UK's Conservative MPs raise concerns over Michael Gove's anti-BDS bill

UK's Conservative MPs raise concerns over Michael Gove's anti-BDS bill
Concerns about the bill have been raised with Communities Secretary Michael Gove by a group of backbenchers from his party.
3 min read
25 June, 2023
The anti-boycott bill was put forward on Monday [Pawel Libera/Getty-file photo]

A UK government bill aimed at preventing public bodies from carrying out boycotts of Israel has prompted concerns from lawmakers belonging to the ruling Conservative Party.

Communities Secretary Michael Gove's Economic Activity of Public Bodies (Overseas Matters) Bill, also known as the anti-boycott bill, was put forward on Monday.

Concerns about the proposed legislation have been raised with Gove by a group of backbenchers from his party.

While it is aimed at preventing the boycott and divestment efforts against Israel, it would also apply to public bodies carrying out their own campaigns against other foreign countries or territories.

Tory MPs have various concerns related to the proposed legislation, including the potential impact on boycotts of countries like China, British newspaper The Guardian reported on Saturday.


"I support the principle that taxpayers' money should not be politicised and should not be used to undermine the government's foreign policy," said Alicia Kearns, a Tory MP and the House of Commons foreign affairs select committee chair.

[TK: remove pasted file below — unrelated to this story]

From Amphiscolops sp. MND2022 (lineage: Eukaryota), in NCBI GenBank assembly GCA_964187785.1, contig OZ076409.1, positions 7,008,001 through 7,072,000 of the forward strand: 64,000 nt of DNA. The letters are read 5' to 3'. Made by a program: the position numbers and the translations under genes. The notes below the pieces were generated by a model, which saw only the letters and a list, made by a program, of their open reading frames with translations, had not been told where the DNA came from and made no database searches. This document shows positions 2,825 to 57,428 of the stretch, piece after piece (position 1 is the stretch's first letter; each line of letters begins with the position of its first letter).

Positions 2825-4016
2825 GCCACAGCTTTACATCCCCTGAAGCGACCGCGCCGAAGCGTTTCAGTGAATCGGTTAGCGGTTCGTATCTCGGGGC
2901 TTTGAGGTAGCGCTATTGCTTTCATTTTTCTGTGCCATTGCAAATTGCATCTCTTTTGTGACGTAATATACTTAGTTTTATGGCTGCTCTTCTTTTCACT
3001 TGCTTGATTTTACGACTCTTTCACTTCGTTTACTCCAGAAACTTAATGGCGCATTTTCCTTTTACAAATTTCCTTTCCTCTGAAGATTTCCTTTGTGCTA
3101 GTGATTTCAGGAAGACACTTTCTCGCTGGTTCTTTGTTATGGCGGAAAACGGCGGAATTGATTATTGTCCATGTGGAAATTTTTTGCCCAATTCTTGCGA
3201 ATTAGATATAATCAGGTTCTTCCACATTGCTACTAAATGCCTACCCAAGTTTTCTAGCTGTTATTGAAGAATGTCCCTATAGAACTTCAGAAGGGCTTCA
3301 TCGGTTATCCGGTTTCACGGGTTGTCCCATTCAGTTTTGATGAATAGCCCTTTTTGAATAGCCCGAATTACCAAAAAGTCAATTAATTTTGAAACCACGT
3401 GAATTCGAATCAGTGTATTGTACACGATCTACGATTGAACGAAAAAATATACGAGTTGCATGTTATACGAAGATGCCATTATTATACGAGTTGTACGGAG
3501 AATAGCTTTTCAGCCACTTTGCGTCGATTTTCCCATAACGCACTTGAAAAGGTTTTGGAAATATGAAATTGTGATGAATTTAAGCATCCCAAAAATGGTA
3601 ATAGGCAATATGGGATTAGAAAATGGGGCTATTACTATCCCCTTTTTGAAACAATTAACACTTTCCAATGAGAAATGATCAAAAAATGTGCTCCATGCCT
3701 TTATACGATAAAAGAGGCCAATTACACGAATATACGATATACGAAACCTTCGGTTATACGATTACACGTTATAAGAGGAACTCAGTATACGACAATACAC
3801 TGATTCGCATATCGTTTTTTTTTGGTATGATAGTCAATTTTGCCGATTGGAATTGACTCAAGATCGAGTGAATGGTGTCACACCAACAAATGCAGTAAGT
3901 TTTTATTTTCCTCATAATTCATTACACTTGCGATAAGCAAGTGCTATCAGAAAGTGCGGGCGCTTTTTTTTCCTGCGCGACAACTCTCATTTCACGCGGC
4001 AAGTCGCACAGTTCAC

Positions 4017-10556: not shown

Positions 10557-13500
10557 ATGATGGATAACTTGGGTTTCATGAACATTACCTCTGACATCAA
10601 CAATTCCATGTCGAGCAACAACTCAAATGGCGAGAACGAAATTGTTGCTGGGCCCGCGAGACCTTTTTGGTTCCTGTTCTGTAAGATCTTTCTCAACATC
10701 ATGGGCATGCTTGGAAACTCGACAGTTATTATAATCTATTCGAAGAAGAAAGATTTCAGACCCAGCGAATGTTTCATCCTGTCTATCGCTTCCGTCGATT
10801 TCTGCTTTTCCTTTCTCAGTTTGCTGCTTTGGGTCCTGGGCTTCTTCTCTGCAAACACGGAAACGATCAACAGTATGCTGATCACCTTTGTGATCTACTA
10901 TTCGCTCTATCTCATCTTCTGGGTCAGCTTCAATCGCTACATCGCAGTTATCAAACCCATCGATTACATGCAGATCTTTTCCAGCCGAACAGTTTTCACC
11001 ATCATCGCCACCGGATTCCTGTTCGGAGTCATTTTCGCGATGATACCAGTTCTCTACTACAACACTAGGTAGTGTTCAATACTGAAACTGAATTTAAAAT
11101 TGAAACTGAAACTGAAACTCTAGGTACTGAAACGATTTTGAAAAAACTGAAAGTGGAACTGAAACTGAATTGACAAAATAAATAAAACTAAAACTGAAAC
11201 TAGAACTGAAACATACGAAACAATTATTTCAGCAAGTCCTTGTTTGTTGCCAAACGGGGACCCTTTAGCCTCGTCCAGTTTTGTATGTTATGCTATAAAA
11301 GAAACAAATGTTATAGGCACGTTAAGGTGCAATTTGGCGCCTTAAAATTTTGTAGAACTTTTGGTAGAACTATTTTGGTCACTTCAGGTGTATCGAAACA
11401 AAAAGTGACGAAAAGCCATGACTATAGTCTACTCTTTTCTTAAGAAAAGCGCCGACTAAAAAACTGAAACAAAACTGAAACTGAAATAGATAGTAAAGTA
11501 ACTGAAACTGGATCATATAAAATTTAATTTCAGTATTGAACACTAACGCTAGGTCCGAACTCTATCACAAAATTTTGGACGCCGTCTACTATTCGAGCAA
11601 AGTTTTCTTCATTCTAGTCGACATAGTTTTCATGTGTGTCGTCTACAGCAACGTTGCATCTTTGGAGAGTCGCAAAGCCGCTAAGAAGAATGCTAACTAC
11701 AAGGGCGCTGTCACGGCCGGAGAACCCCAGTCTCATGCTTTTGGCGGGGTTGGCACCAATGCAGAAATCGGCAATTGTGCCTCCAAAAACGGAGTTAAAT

"My concern is we should not specifically name Israel on the face of the bill.

"We should not do country-specific legislation as it undermines our foreign policy. I also worry whether this will undermine community cohesion."

Nearly 10 MPs and members of the House of Lords, including Kearns, conveyed concerns regarding the bill before it goes back to parliament for the next stage in the legislative process, according to Conservative sources cited by The Guardian.

The bill was explicitly written so that while exceptions to the ban on boycotts could be made for other countries, this would not be the case for Israel, the occupied Palestinian territory, or the occupied Golan Heights.

The Golan is Syrian territory which Israel had illegally annexed.

"It is simply wrong that public bodies have been wasting taxpayers' time and money pursuing their own foreign policy agenda," Gove said in a Monday press release about his new anti-boycott bill.

"The UK must have a consistent approach to foreign policy, set by UK government," he said.

"These campaigns not only undermine the UK’s foreign policy but lead to appalling antisemitic rhetoric and abuse."

Ex-Tory party leader Iain Duncan Smith expressed concern that the proposed law could prevent government bodies from declining to purchase Chinese-produced goods.

"We have to make sure nothing gets in the way of stopping slave labour from Xinjiang being used in supply chains," he said, referring to a region where Uyghurs and other Muslim minority groups face grave rights abuses.

"The economic activity bill will ensure that the UK speaks with one voice internationally and the taxpayer only has to pay for foreign policy once," a British government spokesperson was quoted as saying by The Guardian.

"Public bodies should not be pursuing their own foreign policy agenda."

The bill has exemptions for boycotts of goods in cases where modern slavery is concerned, the spokesperson said.